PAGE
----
“We greatly appreciate this Administration’s decision that the greater sage-grouse will not be added to the endangered species list,” said Art Reese, a retired administrator of the Wyoming Game and Fish Department and a member of the MDF board of directors. “The public/private conservation efforts to restore our sagebrush ecosystems across the West have been unprecedented and it is reassuring to know that those efforts were recognized and will continue to benefit all sagebrush dependent species.”

“Thriving sage grouse populations are an indicator that sagebrush ecosystems are healthy, and this is important for more than 350 species of plants and animals. These sagebrush habitats are particularly important for our mule deer and the conservation efforts undertaken by the Sage Grouse Initiative, federal land management agencies, state fish and wildlife agencies, and hundreds of other partners are definitely making a difference,” noted Miles Moretti, president and CEO of the Mule Deer Foundation. “However our work is not done – we must ensure that all the conservation efforts that have been set in motion do not come to a screeching halt because the threat of an ESA listing is no longer hanging over our heads.”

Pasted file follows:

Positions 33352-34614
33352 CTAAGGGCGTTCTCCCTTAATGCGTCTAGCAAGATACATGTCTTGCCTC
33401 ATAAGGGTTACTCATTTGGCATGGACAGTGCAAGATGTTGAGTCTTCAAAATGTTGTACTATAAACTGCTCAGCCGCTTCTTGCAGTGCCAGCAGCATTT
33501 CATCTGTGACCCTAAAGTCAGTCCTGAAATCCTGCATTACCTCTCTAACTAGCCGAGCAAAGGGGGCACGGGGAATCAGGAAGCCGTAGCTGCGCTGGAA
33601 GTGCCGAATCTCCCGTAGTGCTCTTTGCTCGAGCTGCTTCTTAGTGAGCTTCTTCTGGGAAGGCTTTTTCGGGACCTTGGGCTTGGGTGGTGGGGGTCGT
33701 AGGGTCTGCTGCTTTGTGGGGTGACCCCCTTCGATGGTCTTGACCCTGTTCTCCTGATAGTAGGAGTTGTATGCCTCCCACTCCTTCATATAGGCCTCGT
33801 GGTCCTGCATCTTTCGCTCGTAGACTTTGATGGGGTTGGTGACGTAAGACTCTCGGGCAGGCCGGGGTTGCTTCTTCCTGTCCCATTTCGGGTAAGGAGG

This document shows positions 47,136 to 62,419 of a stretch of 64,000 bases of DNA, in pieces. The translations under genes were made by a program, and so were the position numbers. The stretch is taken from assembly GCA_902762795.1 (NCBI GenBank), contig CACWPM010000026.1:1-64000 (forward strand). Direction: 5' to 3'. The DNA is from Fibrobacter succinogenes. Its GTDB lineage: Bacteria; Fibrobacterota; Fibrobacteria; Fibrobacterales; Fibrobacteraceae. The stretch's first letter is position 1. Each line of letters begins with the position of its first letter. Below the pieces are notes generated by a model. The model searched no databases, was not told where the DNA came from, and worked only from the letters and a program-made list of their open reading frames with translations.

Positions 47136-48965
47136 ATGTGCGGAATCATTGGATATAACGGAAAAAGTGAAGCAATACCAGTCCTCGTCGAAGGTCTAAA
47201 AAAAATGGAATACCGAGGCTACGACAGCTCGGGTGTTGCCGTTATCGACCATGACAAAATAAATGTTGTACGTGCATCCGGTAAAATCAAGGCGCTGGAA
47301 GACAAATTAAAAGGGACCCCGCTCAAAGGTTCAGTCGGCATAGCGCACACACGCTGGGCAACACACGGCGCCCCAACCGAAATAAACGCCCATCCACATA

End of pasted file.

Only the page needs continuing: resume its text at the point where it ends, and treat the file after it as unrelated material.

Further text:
“Colorado has been at the forefront of implementing locally-tailored sage grouse preservation efforts, and a federal ESA listing would have jeopardized those efforts. The work being done at the state, local and federal level, which includes voluntary conservation and species protection on the part of landowners and government, is having a positive impact. We have heard abundant testimony from scientific and conservation experts that these locally-tailored plans are far more effective for species preservation than a one-size-fits-all federal approach. Unfortunately, the ‘not warranted’ decision is expected to be accompanied by the signing of the final federal land use plan amendments, which will still jeopardize this local preservation approach. These amendments will severely restrict ranching, recreation and energy and minerals development, including a likely mineral withdrawal of between 9-10 million acres, all of which will be devastating to local economies. While the ‘not warranted’ decision is welcome, the implementation of equally oppressive land use plans, which do nothing to improve on the work already being done locally to preserve the grouse, still leaves Colorado and other Western communities in a worrisome situation.”